I was on a retreat last week and met a number of lovely single women. Women who look like they are in their late twenties/ early thirties but are actually in their late thirties/ early forties. Women who live in hip urban neighborhoods and hold down professional jobs, although in careers like PR and marketing that may have been temporary choices that are now stretching into a lifetime. Women who are healthy and fit and adventurous and willing to travel by themselves and meet new people.
All, seemingly, alone. Or at least, they live alone and have no children. Unfortunately we had so little time to talk that I didn’t have a chance to find out their full stories, and there wasn’t the time or place to broach the sensitive subject as to how they felt about being childless.
But even meeting them briefly gave me lots of food for thought.
I want to go to an event with those types of people… what was it called?
I sent you an email with the name.
I love your comment that their jobs “may have been temporary choices that are now stretching into a lifetime”. Encapsulates perfectly my life situation. If I’d have known that at 46 I’d still be working full-time, with no husband, and no children, I’d have made more informed decisions regarding my career choice. I always just took ‘jobs’, never expecting them to last for more than a couple of years before I got bored and moved on to something else, all the while thinking that at some stage in the future I would have the house, the kids, the husband, the ‘perfect life’. Little did I know that these dead-end jobs would be my only means of support and that I would still be working at them when I was nearing 50!! Advice to my younger self: don’t assume it’ll work out like you think!!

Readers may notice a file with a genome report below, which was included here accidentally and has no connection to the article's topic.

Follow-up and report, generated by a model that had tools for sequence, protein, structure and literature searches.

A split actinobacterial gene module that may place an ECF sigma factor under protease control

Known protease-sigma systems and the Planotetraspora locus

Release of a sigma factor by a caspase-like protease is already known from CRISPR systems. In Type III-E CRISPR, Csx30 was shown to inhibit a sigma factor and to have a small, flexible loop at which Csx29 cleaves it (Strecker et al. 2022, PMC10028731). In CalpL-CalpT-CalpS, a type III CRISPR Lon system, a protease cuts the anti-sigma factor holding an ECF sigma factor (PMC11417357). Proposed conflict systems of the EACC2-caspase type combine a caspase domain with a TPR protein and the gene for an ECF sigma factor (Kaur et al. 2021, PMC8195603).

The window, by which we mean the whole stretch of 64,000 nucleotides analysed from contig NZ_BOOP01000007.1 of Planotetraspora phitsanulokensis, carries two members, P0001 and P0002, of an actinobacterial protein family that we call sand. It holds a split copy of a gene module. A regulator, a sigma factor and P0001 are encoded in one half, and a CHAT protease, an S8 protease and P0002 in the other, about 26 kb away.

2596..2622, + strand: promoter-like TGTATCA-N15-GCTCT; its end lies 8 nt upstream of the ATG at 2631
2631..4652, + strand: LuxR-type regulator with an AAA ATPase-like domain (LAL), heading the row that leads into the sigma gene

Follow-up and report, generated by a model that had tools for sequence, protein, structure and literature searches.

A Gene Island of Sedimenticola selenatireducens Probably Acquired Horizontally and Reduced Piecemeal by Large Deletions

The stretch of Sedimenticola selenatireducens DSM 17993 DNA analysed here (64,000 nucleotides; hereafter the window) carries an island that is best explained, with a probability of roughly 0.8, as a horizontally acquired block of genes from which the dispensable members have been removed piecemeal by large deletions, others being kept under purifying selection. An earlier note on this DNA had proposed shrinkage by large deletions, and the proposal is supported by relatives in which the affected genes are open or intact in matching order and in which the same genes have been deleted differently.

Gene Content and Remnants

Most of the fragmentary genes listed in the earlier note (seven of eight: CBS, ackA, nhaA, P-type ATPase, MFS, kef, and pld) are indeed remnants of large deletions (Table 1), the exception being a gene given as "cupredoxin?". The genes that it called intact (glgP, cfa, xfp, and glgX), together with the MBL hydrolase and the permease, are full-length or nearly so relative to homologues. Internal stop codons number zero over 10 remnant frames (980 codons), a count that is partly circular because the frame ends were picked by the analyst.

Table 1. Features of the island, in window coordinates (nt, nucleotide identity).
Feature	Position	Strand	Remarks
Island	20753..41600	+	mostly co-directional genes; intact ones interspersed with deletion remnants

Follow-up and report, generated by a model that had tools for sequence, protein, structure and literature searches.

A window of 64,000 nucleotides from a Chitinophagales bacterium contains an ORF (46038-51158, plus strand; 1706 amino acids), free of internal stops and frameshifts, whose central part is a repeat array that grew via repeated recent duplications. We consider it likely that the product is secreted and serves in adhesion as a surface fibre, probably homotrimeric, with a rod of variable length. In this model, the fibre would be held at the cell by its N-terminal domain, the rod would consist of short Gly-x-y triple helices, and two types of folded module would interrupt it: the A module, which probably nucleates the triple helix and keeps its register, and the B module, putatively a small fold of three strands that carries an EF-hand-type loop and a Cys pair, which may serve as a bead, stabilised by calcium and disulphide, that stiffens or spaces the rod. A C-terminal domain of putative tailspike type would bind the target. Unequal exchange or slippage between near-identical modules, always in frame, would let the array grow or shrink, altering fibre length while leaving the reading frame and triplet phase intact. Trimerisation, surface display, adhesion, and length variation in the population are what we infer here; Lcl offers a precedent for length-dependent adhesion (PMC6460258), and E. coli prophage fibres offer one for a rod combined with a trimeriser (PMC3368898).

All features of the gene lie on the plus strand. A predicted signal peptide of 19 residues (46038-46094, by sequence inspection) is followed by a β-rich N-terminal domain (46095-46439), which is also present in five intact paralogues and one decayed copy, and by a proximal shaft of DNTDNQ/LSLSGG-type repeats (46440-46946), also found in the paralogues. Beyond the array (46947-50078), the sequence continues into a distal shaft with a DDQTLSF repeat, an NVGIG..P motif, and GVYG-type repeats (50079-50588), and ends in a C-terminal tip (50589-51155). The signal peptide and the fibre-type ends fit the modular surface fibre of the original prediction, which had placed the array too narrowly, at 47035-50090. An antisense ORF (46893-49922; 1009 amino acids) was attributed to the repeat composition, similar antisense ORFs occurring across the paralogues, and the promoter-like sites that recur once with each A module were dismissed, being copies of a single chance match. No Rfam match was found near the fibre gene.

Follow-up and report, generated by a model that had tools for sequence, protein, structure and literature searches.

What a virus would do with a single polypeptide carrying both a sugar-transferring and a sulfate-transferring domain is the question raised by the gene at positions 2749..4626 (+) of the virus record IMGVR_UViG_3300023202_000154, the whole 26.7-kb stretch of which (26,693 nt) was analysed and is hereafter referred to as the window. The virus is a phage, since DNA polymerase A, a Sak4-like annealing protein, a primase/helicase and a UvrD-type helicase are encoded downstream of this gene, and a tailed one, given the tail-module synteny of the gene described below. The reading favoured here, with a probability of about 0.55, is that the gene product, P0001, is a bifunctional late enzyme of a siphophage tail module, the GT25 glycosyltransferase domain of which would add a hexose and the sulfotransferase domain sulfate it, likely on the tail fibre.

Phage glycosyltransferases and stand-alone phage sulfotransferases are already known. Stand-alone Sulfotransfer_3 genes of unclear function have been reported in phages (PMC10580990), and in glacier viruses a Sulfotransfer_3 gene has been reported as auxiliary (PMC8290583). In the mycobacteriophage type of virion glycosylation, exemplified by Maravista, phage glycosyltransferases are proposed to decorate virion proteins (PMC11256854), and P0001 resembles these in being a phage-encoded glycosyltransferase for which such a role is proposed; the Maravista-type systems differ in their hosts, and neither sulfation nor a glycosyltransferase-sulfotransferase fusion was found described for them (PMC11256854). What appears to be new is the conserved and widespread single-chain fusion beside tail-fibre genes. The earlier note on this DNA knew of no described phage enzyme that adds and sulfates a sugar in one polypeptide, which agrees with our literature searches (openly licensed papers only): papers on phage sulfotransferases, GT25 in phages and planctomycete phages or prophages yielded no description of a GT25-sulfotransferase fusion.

I do have a career but it was chosen under the same idea– that I would quit one day to raise children or at least be in and out of the workforce while I raised them. Or even if I continued working, my income would be secondary and my primary focus would be on my family.
Although I would like to be part of a couple, I have never wanted to have children. (Given how things have turned out, that was fortunate, as I have not had to mourn the loss of that opportunity, although I’ve certainly mourned the ever-dwindling chance — now nearly infinitesimal — of my ability to find a decent man.) Anyhow, because of my utter lack of interest in having children, when I was young I chose a legal career with no intention of ever giving it up or scaling it back to raise a family. I have now been a partner for many years in a law firm in a large city. I ended up specializing in “high net worth divorce law” (ironic, huh?) and I must say the silver lining to that rather grim specialty is that I have no illusions about the “grass being greener.” Doesn’t mean I don’t long for a committed relationship, though.